From Agent Orange to Coronavirus: How Guam's residents have been put at risk time and again by US military
The island already has a complex relationship with the US which is now getting more complicated because of the ongoing pandemic
Residents of Guam are not new to constant US military presence on the strategic Pacific island. However, with the novel coronavirus outbreak, they are fearing for their lives as hundreds of sailors from a coronavirus-stricken Navy aircraft carrier flood into the island’s hotels to quarantine.
An outbreak aboard the USS Theodore Roosevelt began in late March infecting more than 580 sailors. Amid this, the ship’s commander Capt. Brett E Crozier was fired for distributing a letter urging faster action to protect his sailors, leaving the Navy into a leadership crisis.
The carrier has been docked in the US territory for over a week as the 4,865-person crew is tested for the virus and moved ashore. However, what has made locals nervous is that many sailors, who have tested negative, are isolating in the island’s hotels and they do not exactly know where they are being put.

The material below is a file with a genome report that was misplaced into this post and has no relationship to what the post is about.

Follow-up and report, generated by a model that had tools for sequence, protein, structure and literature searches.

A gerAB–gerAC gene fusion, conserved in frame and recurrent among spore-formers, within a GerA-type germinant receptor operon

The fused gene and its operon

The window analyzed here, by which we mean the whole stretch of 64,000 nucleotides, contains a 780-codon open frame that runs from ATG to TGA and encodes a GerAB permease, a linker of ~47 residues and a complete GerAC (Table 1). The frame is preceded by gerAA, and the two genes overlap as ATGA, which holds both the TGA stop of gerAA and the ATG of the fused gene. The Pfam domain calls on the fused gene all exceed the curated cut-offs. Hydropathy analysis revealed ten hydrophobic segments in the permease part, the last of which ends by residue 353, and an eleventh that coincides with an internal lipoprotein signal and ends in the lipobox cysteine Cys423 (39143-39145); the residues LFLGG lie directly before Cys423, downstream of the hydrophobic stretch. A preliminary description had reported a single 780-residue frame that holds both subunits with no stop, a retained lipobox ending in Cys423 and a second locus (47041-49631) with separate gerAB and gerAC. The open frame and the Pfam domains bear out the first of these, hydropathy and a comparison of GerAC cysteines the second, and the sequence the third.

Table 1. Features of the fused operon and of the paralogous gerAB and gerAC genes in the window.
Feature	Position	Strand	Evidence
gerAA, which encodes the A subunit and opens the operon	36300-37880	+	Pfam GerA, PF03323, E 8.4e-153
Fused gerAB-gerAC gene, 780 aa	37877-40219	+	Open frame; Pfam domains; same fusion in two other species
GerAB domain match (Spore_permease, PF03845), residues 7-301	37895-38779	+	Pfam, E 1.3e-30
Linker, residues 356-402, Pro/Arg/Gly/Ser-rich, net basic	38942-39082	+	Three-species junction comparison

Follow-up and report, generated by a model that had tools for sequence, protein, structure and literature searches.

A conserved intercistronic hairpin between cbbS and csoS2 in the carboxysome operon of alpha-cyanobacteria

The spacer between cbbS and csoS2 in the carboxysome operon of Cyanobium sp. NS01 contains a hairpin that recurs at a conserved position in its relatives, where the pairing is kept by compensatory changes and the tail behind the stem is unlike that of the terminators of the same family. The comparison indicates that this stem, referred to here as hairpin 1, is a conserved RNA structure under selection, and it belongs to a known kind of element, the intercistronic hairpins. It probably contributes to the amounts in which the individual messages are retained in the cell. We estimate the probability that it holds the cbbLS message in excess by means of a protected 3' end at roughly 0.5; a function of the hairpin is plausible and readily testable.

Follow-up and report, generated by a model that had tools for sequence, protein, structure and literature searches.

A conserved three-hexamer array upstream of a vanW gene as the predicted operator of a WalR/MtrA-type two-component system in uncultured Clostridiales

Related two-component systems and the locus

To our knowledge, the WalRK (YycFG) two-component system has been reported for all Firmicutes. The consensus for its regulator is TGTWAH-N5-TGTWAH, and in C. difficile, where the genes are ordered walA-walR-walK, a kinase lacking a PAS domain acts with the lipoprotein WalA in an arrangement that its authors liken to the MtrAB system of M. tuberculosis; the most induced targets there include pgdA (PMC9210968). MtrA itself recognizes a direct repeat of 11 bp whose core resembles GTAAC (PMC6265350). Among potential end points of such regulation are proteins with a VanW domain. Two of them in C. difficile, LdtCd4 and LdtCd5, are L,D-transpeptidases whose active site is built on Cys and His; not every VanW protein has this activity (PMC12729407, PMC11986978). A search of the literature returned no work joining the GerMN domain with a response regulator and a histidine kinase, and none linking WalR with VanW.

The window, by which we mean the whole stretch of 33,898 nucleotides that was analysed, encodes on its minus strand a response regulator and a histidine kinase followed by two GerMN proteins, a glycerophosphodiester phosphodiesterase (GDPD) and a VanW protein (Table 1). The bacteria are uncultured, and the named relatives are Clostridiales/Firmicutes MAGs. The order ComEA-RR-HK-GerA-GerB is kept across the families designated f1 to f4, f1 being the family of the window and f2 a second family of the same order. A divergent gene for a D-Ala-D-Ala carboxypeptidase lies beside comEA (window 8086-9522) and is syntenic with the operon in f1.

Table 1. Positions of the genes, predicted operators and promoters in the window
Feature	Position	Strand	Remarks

“Being negative today doesn’t mean that they won’t be in a week or so. The decision to house them in the middle of our community is playing a game of chance with the health of our people,” a group of locals, who have urged Guam Governor Lourdes Leon Guerrero to reconsider allowing the sailors to stay in hotels, said in a statement.
“Our people are getting slapped in the face,” said Hope Cristobal, one of the residents of Guam, who thinks officials are making promises about safety but are unable to keep up. Cristobal lives less than a quarter-mile from hotels in Tumon, a district located in the municipality of Tamuning which is the center of Guam's tourist industry. “We don’t know exactly where they’re being housed,” she added.
According to reports, Mary Rhodes, president of the Guam Hotel and Restaurant Association, declined to disclose the names of the hotels where the Navy personnel have been housed.
But she said that each sailor is staying in a room stocked with two weeks’ worth of linens, towels, and water. She also mentioned that the sailors are not in contact with locals or hotel workers, only military police and medical teams are allowed to meet them.
“I know there will be a small chorus of cynics who will oppose this decision, but now is not the time for ‘us versus them’. We can protect Guam while being humane to them," Rhodes said.
The Rev. Fran Hezel, who is a parish priest at Santa Barbara Catholic Church in Dededo, Guam’s most populated village, also said that locals are not upset about the move. “I’ve come to the conclusion that Guam … has got as deep links with the military as it does with the Catholic faith,” he said.
However, these words are not benefitting the people of the island as Cristobal said the presence of Navy is adding to an already stressful situation, “I have shortness of breath, and I’m wondering if it’s COVID or is it my anxiety.”